He mentally slapped himself when her expression briefly turned stricken before morphing back into the sad smile she had been wearing. Today was not the day to be piling his problems on her; hell no day was that kind of day.
“How are Lyla and Max?” Sharon’s smile warmed at the change of topic, she was always happy to boast about her kids and Andy knew that.
“They’re great. Lyla will be finishing her first year of university soon; she’s been studying Psychology, wants to become a profiler.” Her tone turned wistful for a moment, “It’s gone so fast.” She knew she was risking straying back towards the feelings of sadness and remorse so she quickly moved onto her son, “Max is still Max.”
Andy grinned, knowing exactly what she meant. While Lyla was quiet, artistic and studious, Sharon’s youngest had always been a troublemaker with a firecracker attitude he no doubt inherited from Sharon, “He’s not still taking the neighbourhood cats hostage is he?”
Sharon snorted a laugh and nudged him with her shoulder again, “It was one time!” She said defensively. She could well remember the time a six-year old Max had lured old Mrs Benson’s cat Stanley into their garage when nobody was looking. The poor animal had lived in that garage for two days before Jack had noticed their son sneaking food off his plate at dinnertimes, a stage he had never gone through, and taking it out to the garage under the pretence of getting ice-lollies for dessert.
Flynn had been to the Raydor’s house enough times to watch the games with Jack that he knew their neighbour could be considered a little ‘off’ and Max probably though he was doing the cat a favour. When Jack Raydor had told Flynn about his son’s attempted ‘rescue mission’, he just hadn’t been able to keep it to himself. Sharon had been completely mortified when she had walked into the squad room one day to find Flynn briefing the rest of the team on the ‘victim’ and ‘suspect’. It hadn’t helped in the slightest that Jack had found the entire situation hilarious.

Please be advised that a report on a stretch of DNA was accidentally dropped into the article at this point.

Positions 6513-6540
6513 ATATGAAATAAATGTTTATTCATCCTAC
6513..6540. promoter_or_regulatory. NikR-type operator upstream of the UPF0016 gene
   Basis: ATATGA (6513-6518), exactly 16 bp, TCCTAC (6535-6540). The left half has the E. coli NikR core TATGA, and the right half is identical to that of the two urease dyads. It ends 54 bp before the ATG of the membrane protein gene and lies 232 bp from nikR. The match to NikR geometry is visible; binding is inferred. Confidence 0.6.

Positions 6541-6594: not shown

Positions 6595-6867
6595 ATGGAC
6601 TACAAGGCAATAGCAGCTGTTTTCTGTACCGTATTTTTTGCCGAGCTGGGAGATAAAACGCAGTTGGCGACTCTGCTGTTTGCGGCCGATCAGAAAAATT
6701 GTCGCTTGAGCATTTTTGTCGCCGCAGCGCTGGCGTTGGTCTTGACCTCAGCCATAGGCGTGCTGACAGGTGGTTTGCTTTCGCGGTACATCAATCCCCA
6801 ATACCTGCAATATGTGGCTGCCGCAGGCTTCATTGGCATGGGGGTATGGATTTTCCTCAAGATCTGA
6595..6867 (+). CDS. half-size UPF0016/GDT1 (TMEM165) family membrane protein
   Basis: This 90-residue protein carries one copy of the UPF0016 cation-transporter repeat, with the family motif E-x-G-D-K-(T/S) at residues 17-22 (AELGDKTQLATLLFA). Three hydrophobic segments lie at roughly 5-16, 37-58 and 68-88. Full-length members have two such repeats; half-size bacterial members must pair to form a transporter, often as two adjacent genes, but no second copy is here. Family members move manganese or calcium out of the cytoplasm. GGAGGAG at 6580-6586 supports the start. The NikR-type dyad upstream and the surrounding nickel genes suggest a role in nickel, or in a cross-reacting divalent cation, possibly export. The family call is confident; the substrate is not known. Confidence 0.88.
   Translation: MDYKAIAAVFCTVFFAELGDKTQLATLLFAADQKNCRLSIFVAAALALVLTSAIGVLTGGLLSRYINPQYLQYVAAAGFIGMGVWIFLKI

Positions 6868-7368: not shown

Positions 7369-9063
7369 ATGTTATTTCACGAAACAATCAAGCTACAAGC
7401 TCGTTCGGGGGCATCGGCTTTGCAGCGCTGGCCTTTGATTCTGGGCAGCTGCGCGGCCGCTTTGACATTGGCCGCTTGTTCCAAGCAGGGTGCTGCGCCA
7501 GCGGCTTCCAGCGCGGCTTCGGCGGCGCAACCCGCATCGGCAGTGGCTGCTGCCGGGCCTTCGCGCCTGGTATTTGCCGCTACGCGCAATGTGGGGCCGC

Flynn hauled himself to his feet with a grunt before breaking the silence that had descended upon them, “I need to get going before the Chief or Provenza send out a search party.” He grinned when he saw Sharon roll her eyes at the Chief’s title, it was no secret to the rest of the LAPD that the two of them didn’t exactly see eye to eye.
Sharon nodded and stuck out her hand for him to pull her to her feet, she tried not to notice when he held on for longer than was appropriate, choosing to concentrate on dusting the dirt off her jeans and tugging the trench closer to her.
“Yeah, I need to go and see what kind of trouble Max has got himself into. Hopefully the house will still be standing when I get back.” They laughed together for a short minute and she bent to pick up the neglected crushed beer can, putting it in the pocket of her trench to dispose of later.
“It was good to see you, Ronnie.” That earned him a resigned sigh but she did nothing to correct him. Instead she simply but on a neutral expression and quirked an eyebrow.
“You mean when I’m not trading barbs with your boss or trying to plant my flag on a case?” Flynn smirked and patted her shoulder before turning starting to walk away.
“That’s exactly what I meant.” He called over his shoulder. Without looking back he lifted his hand in a wave and left her to her thoughts.